Food Stylist Tricks

Ever wondered who makes the restaurant offerings in the movies look so darn delicious? What about who the person arranging the Bon Appetit and Chef magazine spreads is? These detail-oriented individuals are food stylists. People in the baking and pastry arts, as well as anyone studying in culinary arts programs, may be surprised to learn that a lot of the prep work that goes into these photo shoots and films doesn’t even use real food. Here are some tricks food stylists use to make the dishes look so good:

Always have multiples 
Shooting a movie scene often takes several hours. For shots that involve eating, the particular dish is remade over and over so that it is fresh when it is in the shot. In an NPR article, food stylist Melissa McSorley said she and her team created around 600 Cubano sandwiches for the filming of the movie “Chef,” about a man who starts his own food truck. Why so many? The actors had to actually eat the food. They couldn’t let it go stale from sitting for a while so nearly every take involved a new sandwich. Director and actor Jon Favreau, who played the main character in the movie, said he wanted to be sure the actors were as excited about the food as if it was the first time they tried it for every single take.

I can’t believe its not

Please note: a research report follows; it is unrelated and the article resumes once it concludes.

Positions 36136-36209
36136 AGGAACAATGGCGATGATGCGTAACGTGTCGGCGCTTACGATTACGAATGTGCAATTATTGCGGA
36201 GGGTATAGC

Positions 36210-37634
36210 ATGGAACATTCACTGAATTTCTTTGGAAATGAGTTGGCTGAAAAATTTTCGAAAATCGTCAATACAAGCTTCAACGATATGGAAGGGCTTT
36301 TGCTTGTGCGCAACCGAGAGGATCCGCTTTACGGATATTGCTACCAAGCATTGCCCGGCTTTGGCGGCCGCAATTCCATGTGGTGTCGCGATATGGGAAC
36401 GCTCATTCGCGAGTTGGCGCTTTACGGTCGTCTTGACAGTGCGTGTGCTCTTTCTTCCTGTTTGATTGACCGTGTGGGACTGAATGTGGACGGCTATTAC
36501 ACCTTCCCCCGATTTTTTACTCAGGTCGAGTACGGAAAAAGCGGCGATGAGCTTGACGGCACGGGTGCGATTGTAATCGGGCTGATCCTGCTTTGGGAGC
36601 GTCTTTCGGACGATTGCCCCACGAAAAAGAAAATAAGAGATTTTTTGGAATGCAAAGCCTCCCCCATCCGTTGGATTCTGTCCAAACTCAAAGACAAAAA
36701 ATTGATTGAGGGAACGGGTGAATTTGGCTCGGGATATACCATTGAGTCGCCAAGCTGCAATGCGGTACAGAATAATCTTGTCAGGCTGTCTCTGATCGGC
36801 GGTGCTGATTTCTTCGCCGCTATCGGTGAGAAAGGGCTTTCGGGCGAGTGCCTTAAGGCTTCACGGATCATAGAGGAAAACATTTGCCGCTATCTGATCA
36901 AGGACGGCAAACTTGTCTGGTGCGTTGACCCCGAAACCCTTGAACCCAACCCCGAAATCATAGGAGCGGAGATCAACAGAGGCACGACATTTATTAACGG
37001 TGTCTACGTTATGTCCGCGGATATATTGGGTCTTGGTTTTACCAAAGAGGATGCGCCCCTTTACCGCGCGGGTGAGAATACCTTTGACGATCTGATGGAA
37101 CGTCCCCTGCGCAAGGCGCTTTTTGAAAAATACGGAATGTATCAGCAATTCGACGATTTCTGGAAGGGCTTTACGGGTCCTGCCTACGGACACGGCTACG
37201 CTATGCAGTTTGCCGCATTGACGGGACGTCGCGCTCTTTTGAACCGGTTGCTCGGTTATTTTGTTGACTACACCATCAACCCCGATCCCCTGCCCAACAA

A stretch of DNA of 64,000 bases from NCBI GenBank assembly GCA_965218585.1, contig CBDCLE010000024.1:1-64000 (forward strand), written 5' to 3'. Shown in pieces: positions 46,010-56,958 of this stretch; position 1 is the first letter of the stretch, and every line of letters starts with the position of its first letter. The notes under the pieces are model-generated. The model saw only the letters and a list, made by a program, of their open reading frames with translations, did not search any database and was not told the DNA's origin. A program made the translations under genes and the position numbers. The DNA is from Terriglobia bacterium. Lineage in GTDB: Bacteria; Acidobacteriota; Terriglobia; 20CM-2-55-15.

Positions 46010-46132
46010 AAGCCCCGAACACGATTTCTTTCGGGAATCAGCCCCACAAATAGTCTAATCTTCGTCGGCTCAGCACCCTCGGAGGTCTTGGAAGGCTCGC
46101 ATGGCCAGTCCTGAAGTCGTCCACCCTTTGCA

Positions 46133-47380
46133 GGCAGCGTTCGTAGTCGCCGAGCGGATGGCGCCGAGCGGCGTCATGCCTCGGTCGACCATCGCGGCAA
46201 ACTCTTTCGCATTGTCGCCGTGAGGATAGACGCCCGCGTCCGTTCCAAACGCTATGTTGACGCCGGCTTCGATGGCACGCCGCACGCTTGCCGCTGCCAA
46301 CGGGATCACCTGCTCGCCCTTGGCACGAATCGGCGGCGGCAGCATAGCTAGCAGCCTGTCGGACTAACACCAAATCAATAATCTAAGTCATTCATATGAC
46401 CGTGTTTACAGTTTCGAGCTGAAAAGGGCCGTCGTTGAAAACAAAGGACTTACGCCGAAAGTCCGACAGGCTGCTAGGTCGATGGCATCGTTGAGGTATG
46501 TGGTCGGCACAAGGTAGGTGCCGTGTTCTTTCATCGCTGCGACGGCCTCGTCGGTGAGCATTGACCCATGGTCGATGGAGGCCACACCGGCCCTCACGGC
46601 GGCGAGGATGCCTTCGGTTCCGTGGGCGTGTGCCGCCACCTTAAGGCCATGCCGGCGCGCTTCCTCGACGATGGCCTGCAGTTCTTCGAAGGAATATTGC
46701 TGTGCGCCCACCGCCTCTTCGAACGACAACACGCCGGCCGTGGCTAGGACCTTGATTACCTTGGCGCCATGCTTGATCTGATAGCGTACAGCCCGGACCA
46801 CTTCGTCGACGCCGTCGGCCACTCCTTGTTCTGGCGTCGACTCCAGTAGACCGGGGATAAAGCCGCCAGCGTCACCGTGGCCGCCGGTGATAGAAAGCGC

Many of the ingredients you see on screen or in print are not actually what they claim to be. Ice cream, for example, is often made with butter or lard and coated in confectioner’s sugar to give it the look of different flavored swirls. As for stacked foods like pancakes, sandwiches or burgers, they usually contain cardboard. This keeps the items from going flat as the shoot goes on. Another common stage effect is grill marks. Foods that need to achieve the iconic black-striped grilled look are painted, or the stylist may use a heated metal skewer to make each individual mark by hand.

You don’t actually have to cook it
According to Reader’s Digest, many images of cooked birds are actually featuring a totally raw one. Because a turkey or other fowl is not going to be eaten after fulfilling its purpose at a shoot, only the outside is cooked. How do they do it? Food coloring, browning sauce and a blow torch. The insides are often stuffed with paper towels to make the bird look bigger. While the food looks good, it’s not edible.

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